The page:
Is your car leaking coolant? This post will teach you the causes and how to fix a coolant leak. In addition, we’ll tell you how much it will cost to repair. Nothing is more alarming than heading out to your car in the morning and finding green liquid pooling underneath.
The first thing you should do after getting a terrible deal on a car is to go home, calm down and think about what’s really going on. If you’ve got this problem, however, it is often caused by a couple of different issues.
There might be a fix for that coolant leak. It might be something simple you don’t know about. This article discusses the most common causes of coolant leaks. Repairing a coolant leak is relatively easy; however, fixing it properly is sometimes tricky.
5 Causes of Coolant/Antifreeze Leaks
A radiator hose that doesn’t hold air pressure and a leaking radiator are the most common causes of a coolant leak. Water pump or expansion tank failure is the most common cause of hot tub heater failure. It’s also very common to find leaks around hose clamps and from cracks in plastic tubes in the cooling system.
Here’s a more detailed list of the possible causes of coolant leaks:
Hole in Radiator
The radiator is subject to a lot of abuse, sitting at the front of the vehicle the way it does. Corrosion is one of the main reasons that a radiator fails, so it’s important to protect your radiator from the elements.
This leaking could be caused by a worn gasket. Simply replacing the gasket will fix the issue. There could be a leak in one of the hoses connected to the radiator. Over time, these hoses become brittle and simply fail.
Leaky Radiator Cap
You might not think that this small cap can have an impact on the cooling system. The radiator is full of pressure, and the cap holds it all in.
In a properly installed and functioning pressure regulator system, the valve seals are designed to create a strong, reliable seal that allows the water to run optimally. This is why the seal to this cap starts to deteriorate, so that coolant can seep out.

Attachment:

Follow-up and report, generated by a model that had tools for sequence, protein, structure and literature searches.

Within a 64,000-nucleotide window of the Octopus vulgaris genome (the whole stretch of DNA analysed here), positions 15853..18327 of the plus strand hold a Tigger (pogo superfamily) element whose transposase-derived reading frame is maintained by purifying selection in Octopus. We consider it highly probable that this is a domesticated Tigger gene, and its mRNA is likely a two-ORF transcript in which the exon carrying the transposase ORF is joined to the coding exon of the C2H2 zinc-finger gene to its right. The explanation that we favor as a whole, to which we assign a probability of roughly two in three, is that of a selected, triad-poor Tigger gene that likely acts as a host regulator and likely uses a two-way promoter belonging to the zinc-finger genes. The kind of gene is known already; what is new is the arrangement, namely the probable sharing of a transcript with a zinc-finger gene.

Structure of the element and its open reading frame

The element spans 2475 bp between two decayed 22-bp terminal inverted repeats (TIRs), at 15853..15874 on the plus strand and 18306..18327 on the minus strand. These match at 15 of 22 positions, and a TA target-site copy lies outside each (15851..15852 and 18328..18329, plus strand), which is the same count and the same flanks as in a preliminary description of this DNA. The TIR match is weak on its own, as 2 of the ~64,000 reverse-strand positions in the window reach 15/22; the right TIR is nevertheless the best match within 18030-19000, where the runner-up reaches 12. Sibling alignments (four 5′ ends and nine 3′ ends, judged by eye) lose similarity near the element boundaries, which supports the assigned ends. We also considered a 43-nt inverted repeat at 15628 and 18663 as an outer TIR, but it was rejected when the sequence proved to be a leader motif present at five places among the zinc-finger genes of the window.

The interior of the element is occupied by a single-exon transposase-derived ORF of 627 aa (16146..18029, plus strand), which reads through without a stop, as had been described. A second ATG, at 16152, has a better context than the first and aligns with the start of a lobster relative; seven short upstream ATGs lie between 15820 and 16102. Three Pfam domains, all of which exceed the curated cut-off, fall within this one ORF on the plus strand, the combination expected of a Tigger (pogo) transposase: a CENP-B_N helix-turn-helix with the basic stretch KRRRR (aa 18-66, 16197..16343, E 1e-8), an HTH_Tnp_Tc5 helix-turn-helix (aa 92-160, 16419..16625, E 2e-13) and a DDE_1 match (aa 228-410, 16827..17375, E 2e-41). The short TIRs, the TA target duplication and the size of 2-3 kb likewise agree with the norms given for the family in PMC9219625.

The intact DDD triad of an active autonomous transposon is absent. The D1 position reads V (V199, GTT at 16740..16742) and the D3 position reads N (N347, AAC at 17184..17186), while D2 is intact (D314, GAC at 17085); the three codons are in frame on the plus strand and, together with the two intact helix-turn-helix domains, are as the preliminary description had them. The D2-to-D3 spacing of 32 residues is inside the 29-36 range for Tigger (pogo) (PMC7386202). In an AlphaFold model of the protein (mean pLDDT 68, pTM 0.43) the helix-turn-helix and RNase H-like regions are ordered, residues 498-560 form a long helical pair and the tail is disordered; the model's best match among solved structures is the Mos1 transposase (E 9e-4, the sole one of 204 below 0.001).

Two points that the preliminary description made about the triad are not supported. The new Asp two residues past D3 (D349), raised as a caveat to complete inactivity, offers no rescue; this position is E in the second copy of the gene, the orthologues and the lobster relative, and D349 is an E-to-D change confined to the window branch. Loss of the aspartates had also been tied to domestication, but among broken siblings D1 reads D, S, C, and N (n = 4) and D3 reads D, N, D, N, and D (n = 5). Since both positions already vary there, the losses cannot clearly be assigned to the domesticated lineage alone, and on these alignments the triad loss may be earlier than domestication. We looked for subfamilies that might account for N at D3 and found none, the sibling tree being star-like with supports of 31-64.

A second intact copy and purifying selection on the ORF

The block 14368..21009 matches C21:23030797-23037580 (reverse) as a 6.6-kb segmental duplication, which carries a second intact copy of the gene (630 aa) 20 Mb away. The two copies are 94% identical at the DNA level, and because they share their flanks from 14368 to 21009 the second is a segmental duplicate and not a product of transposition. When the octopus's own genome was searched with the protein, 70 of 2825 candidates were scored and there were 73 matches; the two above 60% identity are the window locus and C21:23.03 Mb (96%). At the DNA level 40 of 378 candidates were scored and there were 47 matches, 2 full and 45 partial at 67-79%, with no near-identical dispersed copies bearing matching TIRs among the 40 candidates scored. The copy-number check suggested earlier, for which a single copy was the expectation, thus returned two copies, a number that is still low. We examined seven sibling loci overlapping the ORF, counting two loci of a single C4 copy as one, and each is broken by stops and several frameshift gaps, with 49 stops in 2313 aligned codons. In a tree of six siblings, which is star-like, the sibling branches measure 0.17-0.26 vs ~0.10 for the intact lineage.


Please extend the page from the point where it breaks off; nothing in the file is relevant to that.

Blown Head Gasket
Cooling systems keep the engine from overheating and breaking down. It may be hard to notice that the leak is happening because there may be no outward signs. But there’s a difference between the coolant in the engine oil and vice versa. You will also see the engine temperature rise. Eventually, the coolant will leak, indicating a serious problem.
Failed Water Pump
This part, which is called a “water pump”, is responsible for circulating the coolant through the system.
The water pump usually runs off the crankshaft. In fact, this is where the word “pump” comes from: It’s because the “pump” is driven by the engine. If the pump isn’t working right, the coolant can’t flow properly, which will cause the engine to overheat.
Defective Expansion Tank
Next to the engine, you’ll see a plastic container that holds coolant. It connects to the radiator with a hose. It’s primary function is to feed coolant to the radiator. However, the plastic is becoming weaker over time. If you’re using this product regularly, you’ll likely find it needs replacement sooner rather than later.
How to fix a Coolant Leak
Since there are many different issues that can cause an antifreeze leak, there are also many things you can do to fix the leak. When it comes to leaky faucets, we do always recommend replacing the leaking part, but there are a few other things you can do.